JC24: Dating volcanoes on the Mid-Atlantic Ridge


Cruise diary

Thursday 5 June 2008

Today we were able to recover ISIS from our fourth dive of the cruise having completed our second transect line. During this dive we had reached our payload of samples before the end (still a bit  pick sample happy) but it was decided to continue filming to the end of the transect. Again this meant that it was time for the samples to be processed

For the biology samples to be processed it is important to be able to identify which samples are which. This can be very difficult as unlike the rocks they are not placed into numbered baskets but into a large box on the left side of ISIS. To allow identification a picture is taken of the coral before a sample is taken and then once it is in the arm of ISIS before being put into the box. This allows me to look at the photos and try to identify the samples- however if more than one of the same species is take it can be very difficult.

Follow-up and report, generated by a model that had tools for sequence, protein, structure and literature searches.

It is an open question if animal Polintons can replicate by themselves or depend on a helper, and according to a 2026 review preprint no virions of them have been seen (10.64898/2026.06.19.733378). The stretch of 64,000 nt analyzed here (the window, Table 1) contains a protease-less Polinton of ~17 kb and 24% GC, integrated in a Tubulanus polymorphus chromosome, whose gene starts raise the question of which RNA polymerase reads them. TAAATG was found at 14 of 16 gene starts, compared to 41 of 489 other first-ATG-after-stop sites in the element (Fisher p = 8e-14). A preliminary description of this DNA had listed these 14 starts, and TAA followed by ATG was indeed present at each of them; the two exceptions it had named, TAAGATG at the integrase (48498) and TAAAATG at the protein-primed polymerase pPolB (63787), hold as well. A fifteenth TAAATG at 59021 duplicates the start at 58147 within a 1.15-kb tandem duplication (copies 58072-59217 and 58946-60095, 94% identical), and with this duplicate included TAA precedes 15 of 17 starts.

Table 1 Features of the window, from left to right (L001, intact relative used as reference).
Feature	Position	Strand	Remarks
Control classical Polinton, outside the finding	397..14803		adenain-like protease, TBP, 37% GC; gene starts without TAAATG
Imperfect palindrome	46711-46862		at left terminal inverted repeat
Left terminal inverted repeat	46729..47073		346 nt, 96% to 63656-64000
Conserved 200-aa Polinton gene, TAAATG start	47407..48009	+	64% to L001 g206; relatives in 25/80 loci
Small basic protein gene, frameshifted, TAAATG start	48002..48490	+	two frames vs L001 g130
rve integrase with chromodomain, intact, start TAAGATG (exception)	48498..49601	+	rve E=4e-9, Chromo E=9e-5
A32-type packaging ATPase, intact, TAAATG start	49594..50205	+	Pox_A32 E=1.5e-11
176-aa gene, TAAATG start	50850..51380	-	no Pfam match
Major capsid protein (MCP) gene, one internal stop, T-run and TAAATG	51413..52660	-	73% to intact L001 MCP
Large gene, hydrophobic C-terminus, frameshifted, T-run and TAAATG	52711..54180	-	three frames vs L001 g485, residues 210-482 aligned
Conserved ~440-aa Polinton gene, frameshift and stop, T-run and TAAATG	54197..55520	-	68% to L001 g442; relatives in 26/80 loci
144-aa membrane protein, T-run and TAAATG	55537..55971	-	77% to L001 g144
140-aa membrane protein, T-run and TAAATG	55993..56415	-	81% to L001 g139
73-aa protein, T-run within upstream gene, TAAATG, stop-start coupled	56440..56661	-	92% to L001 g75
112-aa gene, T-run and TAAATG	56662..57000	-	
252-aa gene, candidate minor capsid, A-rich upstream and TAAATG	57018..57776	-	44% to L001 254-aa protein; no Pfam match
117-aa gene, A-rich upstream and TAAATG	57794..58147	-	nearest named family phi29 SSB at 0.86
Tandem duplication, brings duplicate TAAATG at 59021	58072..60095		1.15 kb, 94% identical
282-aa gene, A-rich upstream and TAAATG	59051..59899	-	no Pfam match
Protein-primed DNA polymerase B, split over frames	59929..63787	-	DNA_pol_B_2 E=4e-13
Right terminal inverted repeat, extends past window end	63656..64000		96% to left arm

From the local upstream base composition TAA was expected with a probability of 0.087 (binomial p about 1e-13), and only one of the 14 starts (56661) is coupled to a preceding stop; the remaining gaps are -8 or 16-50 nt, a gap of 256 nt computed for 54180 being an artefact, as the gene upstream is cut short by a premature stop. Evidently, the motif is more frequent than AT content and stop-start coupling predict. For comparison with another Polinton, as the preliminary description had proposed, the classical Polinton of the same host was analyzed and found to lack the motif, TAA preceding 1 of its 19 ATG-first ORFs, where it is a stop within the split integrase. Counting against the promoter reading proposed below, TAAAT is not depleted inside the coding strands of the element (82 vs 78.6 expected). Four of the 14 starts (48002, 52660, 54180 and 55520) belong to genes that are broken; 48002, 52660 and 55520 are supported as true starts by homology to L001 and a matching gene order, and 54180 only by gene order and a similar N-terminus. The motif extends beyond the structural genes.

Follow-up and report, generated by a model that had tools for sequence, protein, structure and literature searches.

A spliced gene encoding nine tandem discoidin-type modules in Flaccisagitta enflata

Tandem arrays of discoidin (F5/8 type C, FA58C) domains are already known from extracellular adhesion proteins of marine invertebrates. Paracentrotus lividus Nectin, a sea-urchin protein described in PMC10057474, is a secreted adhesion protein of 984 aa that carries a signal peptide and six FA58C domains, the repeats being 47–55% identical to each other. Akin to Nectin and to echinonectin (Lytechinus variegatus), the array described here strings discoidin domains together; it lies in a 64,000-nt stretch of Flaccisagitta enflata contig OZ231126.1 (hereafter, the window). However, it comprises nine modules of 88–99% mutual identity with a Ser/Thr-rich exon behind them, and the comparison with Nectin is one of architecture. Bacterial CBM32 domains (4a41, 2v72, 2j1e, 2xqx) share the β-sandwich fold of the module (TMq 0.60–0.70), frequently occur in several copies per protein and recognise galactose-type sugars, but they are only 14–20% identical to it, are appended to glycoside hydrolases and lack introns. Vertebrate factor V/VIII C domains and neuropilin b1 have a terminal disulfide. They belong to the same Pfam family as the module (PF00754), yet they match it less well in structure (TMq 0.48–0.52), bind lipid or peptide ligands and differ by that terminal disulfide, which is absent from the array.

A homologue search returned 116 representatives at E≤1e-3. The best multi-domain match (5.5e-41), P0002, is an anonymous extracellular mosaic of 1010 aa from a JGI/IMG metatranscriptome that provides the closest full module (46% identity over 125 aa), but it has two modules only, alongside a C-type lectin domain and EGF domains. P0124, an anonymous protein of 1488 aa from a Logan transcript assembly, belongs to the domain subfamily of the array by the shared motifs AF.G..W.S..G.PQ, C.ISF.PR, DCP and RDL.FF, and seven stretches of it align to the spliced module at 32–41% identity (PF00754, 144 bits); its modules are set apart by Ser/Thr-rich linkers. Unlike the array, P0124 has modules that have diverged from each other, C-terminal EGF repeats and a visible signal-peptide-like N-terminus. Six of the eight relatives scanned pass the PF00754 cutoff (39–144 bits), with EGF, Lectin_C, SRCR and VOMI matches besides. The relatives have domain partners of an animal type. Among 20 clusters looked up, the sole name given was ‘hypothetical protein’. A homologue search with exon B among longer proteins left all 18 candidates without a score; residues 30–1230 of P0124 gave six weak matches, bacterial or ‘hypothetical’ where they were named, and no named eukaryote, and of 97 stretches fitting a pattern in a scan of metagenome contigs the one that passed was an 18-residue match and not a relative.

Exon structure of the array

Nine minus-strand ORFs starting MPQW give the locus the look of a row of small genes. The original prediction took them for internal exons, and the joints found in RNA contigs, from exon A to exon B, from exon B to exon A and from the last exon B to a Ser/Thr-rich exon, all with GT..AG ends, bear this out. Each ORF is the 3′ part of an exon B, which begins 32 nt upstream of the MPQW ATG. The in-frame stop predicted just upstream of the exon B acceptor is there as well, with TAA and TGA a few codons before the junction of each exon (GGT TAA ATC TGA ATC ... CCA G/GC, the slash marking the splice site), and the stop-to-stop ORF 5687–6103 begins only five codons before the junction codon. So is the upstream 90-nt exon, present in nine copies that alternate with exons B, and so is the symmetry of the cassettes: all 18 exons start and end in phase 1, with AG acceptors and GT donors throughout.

Once identified a small part is cut off from the coral stem and placed into a tube filled with alcohol- this allows the DNA to be conserved for analysis once the samples are back on land. The rest of the sample are photographed, dried out and labelled for cataloguing once back on land.

Coral before sampling with box at side          

ISIS arm taking coral sample.

We have not only seen corals during our dives here but have also seen some sea cucumbers, anemones, sea urchins fish and sponges- our fingers are crossed for  an exciting shark sighting  but no luck so far.

Camera-shy fish       

Sea cucmber

Sea urchin

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May 2008